Vintage short stories are meant to entertain their readers. However, many passive readers miss the true entertainment that lies within the story in the hidden context. Most short stories have, embedded in the writing, a lesson or theme attached to them. In the short story “The ,” Gilman demonstrates a woman who has suffered from repression and longs for the freedom from her controlling husband.
Gender conflicts play a major role throughout this story. The author portrays these kinds of conflicts through the three main characters, John, Jennie and the narrator. The theme of this story is a woman’s fall into insanity resulting from isolation from treatment of post-partum depression. Gilman is also telling the story of how women were thought of as prisoners by the demands of the society throughout that time period. She also expresses the punishments these women had when they tried to break free. As a reader, we see how much control John had over her and how it ended up affecting her individuality.
The narrator in “The Yellow Wallpaper” writes about her experience in dealing with depression. As a result her husband, a physician, decided that it would be a good idea for them to take a trip to the country for the summer where she could get the rest and isolation that she needs. In the beginning the woman becomes increasingly unhappy as she is forced to occupy a room that she despises. She describes the wallpaper in the room as being, “one of those sprawling flamboyant patterns committing every artistic sin.” She disliked everything about it including the color and the patterns. However, as the story continues, the woman’s attitude changes toward the wallpaper. Through given belittling comments, often disguised as cute nick-names, John was able to settle any doubts, yet maintain his suppression over her.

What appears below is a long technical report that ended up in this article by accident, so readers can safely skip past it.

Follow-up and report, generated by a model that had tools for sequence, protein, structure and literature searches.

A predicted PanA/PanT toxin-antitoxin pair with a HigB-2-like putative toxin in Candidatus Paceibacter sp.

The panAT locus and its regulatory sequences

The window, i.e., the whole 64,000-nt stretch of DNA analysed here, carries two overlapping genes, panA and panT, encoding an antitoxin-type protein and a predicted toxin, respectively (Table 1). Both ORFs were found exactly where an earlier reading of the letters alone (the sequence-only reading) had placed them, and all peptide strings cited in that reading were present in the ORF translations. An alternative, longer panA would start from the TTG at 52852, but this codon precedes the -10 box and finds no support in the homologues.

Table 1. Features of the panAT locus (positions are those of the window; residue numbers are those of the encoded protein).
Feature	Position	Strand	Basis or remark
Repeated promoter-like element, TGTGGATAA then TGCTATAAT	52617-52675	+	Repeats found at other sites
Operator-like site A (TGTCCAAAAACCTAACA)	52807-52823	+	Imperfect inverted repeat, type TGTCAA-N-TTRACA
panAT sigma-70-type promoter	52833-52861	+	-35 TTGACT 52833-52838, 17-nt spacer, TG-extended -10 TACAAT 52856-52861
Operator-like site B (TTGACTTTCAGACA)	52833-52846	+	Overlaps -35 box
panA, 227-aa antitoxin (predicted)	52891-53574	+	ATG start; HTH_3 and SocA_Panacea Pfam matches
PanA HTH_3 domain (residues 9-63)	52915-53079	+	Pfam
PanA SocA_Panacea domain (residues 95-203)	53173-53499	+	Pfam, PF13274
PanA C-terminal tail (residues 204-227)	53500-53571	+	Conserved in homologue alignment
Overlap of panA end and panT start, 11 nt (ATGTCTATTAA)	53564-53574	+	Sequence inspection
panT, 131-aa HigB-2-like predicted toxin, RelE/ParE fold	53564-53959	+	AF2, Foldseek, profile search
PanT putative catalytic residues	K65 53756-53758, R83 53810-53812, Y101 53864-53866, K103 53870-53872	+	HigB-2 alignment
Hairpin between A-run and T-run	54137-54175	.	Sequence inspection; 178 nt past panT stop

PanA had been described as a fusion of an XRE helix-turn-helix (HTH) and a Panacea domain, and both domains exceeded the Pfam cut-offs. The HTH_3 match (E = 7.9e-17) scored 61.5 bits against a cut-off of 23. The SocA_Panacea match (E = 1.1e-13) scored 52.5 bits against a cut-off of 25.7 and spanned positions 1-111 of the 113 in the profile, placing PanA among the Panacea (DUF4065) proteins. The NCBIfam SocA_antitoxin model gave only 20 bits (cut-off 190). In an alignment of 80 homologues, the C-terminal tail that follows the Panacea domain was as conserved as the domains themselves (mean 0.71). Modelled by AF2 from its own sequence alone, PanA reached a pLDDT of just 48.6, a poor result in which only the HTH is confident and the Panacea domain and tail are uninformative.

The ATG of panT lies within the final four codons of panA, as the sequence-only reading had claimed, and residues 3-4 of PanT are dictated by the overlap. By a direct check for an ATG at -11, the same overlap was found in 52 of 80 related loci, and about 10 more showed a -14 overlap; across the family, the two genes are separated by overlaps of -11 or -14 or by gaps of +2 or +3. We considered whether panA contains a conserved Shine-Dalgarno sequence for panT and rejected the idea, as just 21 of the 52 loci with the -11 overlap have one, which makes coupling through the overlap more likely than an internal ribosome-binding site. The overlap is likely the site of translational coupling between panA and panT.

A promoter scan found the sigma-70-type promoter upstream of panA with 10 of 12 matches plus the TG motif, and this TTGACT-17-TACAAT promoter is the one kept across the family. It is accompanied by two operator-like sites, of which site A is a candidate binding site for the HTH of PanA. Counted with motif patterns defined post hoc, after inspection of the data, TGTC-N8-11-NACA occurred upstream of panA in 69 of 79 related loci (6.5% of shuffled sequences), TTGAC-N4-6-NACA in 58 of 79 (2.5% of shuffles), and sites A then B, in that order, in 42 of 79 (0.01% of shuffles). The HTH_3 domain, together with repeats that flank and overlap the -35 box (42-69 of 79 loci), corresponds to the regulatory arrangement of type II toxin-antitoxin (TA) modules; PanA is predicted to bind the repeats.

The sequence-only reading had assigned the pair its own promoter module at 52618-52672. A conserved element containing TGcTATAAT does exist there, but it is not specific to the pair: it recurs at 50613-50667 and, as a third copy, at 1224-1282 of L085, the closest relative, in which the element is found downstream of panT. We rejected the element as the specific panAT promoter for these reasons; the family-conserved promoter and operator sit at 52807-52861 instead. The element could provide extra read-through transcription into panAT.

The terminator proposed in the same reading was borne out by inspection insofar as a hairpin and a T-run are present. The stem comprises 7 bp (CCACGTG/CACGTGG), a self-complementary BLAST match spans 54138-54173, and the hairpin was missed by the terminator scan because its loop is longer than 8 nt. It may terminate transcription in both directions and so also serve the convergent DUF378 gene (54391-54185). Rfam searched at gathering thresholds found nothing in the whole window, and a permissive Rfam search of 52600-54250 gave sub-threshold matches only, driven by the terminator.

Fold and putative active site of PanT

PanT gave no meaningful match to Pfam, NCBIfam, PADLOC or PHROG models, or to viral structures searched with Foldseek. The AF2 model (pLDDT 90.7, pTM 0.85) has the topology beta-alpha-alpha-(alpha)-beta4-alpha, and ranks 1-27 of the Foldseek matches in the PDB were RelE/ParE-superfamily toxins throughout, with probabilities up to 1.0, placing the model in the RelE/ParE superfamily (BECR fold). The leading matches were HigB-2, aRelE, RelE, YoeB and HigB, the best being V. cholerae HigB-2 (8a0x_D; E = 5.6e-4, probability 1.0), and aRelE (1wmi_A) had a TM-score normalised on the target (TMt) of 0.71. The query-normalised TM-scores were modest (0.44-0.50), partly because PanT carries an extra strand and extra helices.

Such examples are “Bless her little heart! She shall be as sick as she pleases! And talk about it in the morning!” Unfortunately, because she was so depressed and vulnerable John was easily able to dominate and suppress her. Also, throughout the story John would commonly mistake her kindness for weakness and in coalition, abuse her trust. Since the narrator is limited to the same room day after day, she starts to study the wallpaper. ‘I determine for the thousandth time that I will follow that pointless pattern to some sort of conclusion.’ She refers to the pattern as the control that men had over women.
During that time, a woman was the property of her father until she was married. She was then under the control of her husband with no rights. Her husband made her decisions and basically took over her life. As time goes on, her mental illness gets worse. She starts to get paranoid about her husband and Jennie. ‘The fact is, I am getting a little afraid of John.
He seems very queer sometimes and even Jennie has an inexplicable look.’ In her mind she starts to actually see the woman from the wallpaper creeping in the garden during the day. She relates this woman to herself. As the story goes on, she becomes worse. Her only concern is helping the women escape from the wallpaper. She waits until John is gone, and completely destroys the wallpaper. She then locks the door and throws the keys out the window.
When John gets back, she is completely out of control. ‘I’ve gout out at last… in spite of you and Jane. And I’ve pulled off most of the paper, so you can’t put me back!’ Although Gilman does not tell us who Jane is, the reader can conclude that the narrator’s name is Jane and she believes she has become the woman from the wallpaper and finally escaped. “There are things in that paper that nobody knows but me or ever will.” She related the paper to her mental illness, and because she spent so much time trying to understand it, she cured herself. “Life is very much more exciting now than it used to be.
You see I have something more to expect, to look forward to, to watch. I really do eat better, and am quieter than I was.” In conclusion, Gilman’s “The Yellow Wallpaper” is a classic example of how a short story entertains its audience through themes. This story conveyed the rights of women in today’s society and displayed how a woman suffering from depression overcame these obstacles. Unfortunately, passive readers might have overlooked this important concept and only gained brief entertainment through reading this story. The only way to prevent this from happening is to become an aggressive reader.